Here we go again: another article for the always-great Dark Roasted Blend. This time it's on monster helicopters. Enjoy!
Airplanes you can understand: they're basically just big birds. Wings? Check. Tail? Right-o. Body? Absolutely. But helicopters ... well, helicopters are seriously strange beasts. It's a wonder why anyone took Mr. Sikorsky (and his predecessors) seriously, and an even bigger wonder how they got anyone remotely sane enough to sit inside one of those early prototypes and hit the START button.
Beyond the fact that helicopters came out of left field (the far, far left field) the craziness continues when you begin to think about how easy it is for something to seriously -- and traumatically -- go wrong with one. An airplane, after all, can glide if its engines fail. An airship (dirigible, zeppelin, etc) can usually descend if it loses too much lift. But a whirlybird without power has one - and only one -- option: crash.
But, thankfully, Mr. Sikorsky didn't give up and today we are lucky to have the results of his work: incredibly flexible, wonderfully useful, spectacularly nimble aircraft. But although many breeds of helicopter have become quite safe, there is still a lingering kind of madness regarding whirlybirds: the drive to see how insanely huge we can make them.
Unlike airplanes, the size-wars with helicopters began after World War II. While, like a lot of aircraft technology, helicopters were jump-started into being useful and moderately reliable machines, the early 40s aircraft were lucky enough to get into the air -- let alone get into the air without killing the pilot.
But this clumsy infancy didn't last very long. The 1950s saw an explosion of radical -- and in some cases terrifying -- helicopter designs in both the United States as well as the Soviet Union. One of the grander designs is one that is pretty familiar as it's been used by both the US military as well as civilian companies in need of some heavy lifting. Looking something like a twin-rotored banana, the earliest Boeing Chinook popped up in the late 50s but because of its heavy lifting skills, stayed around for a very long time. Modern, updated versions are still used all over the world. The Chinook, in fact, is kind of the poster-child for big helicopters. Got something heavy that needs to go from impossible point A to impossible point B? More than likely the machine connecting the dots is a Chinook. While numbers are rarely impressive, the size of the numbers the modern Chinook can lift are still ones to give pause: 28,000 pounds of cargo, which is about 14 tons of whatever needs to be moved from pretty much any point A to pretty much any point B.
Another Goliath is the stylishly named (well, for the Soviets) MI-6. Again created in the 50s, the MI-6 was a true monster. While not as oddly stylish as the Chinook, this powerhouse could lift 26,000 pounds of cargo (12 tons) -- which was a lot of pretty much whatever you can think of. Almost all of these types of machines were very popular with the Soviets, spawning a whole range of monster helicopters, some of whose descendants are still in use today.
While the Chinook certainly appears odd, and the MI-6 is damned huge, other big helicopters begin to look like the designers were not trying for size as much as just plain weirdness. Take a gander at the also-colorfully-named Soviet MI-10. Although its guts were from the old, reliable MI-6, this misshapen cousin sported four monster legs, giving it the impression of a bug-phobics nightmare dragonfly. Whenever I look at the MI-10 I always wonder if the pilot ever forgot what he was flying and stepped out -- falling dozens of feet to the tarmac.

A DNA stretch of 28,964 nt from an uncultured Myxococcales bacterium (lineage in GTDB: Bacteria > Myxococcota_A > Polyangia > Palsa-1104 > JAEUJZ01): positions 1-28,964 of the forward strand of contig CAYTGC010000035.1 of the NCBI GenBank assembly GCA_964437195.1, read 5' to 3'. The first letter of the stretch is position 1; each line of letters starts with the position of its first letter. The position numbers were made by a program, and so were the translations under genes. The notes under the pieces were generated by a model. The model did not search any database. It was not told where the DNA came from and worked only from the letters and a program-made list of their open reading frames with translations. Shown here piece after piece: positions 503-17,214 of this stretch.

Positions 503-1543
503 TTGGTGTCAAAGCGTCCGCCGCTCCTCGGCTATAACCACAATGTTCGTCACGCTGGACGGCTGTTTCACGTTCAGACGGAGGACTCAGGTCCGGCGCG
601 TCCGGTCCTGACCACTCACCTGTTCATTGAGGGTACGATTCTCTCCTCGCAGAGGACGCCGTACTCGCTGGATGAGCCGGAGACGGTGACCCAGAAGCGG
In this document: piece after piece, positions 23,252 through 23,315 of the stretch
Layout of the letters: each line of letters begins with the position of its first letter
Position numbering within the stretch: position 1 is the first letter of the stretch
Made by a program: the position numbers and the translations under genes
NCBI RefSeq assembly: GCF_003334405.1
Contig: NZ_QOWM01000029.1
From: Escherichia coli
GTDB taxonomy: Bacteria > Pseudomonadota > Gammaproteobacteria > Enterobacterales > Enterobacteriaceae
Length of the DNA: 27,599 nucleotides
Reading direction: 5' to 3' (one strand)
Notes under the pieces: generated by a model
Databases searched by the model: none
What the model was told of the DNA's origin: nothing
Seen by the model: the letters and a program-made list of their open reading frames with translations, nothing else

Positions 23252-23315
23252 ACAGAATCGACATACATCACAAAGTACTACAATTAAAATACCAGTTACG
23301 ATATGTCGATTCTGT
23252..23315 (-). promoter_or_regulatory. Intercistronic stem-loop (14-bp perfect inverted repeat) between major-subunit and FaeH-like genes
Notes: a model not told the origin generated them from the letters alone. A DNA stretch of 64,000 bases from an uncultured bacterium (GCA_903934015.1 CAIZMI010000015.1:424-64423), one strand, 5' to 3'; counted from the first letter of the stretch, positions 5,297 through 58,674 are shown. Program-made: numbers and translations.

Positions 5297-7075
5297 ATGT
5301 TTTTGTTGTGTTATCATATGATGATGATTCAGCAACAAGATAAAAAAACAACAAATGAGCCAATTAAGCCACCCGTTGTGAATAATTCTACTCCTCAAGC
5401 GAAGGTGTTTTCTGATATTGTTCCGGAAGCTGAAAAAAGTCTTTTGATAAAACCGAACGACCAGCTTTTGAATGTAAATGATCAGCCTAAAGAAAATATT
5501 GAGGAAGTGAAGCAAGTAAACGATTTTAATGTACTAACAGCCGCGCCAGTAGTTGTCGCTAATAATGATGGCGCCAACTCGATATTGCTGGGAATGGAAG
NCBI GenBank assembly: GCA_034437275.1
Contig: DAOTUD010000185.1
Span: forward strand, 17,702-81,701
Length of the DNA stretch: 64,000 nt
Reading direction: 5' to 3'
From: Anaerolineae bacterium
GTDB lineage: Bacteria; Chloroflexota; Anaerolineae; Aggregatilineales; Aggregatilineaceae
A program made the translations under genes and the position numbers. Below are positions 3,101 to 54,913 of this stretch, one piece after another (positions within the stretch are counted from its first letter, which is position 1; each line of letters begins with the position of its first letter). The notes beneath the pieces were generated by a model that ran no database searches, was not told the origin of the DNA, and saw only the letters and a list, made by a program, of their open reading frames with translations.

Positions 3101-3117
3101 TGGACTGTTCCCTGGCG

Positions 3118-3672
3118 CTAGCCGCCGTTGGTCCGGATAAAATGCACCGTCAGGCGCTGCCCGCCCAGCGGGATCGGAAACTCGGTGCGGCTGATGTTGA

Not that the US hadn't had its own share of big, and damned ugly, helicopters. Perhaps because it was created by Hughes, the same Hughes of crazy-in-Las-Vegas and the Spruce Goose, the XH-17 Sky Crane was terrifyingly huge: the rotors alone were 135 feet across (the largest in the world). You can barely imagine the pants-wetting that might have gone on when the Sky Crane was fired up and those insane rotors began to swing around and around and around. Luckily, for the sanity of the people watching and the safety of the pilot crazy enough to fly it, the Sky Crane wasn't much of a hit and has since crashed down into aeronautical footnotes.
There are other huge whirlybirds, of course: the Sikorsky CH-54 Tarhe, the Aérospatiale Super Frelon, the Agusta A.101, and so on and so forth, but as we're running out of space, we have to jump to the biggest helicopter to date, and one of the very strangest.
Aside from the bug-geared machines like the Sky Crane and the MI-10, most big helicopters usually look like smaller ones simply writ large. Rotors? Check. Tail rotor for stability? Right-o. Fuselage? Absolutely. But the -- yet again -- poetically named Mil V-12 (from those lyrical Russians) looks nothing like anything before or since.
Sure it has rotors -- it wouldn't be a helicopter without them -- but with the V-12 they are placed on the side of its massive fuselage. Weird, right? But this is BIG weirdness as the V-12 is commonly considered to be the largest helicopter in the world. How big? Think of it this way: see that 747 over there -- that monstrous fixed wing machine? Well, the V-12 is as wide as one of those 747s. But unlike a 747, the V-12 can take off straight up, and haul close to 55,000 pounds at the same time -- or 88,000 if it takes off a bit less like a helicopter and more like a plane.
Sure, helicopters are strange beasts but what makes them even stranger is when they become nightmarish giants. Flying overhead, they go from head-scratching marvel to staggering wonders. Who'd be crazy enough to build them, let alone get behind the controls and fly them?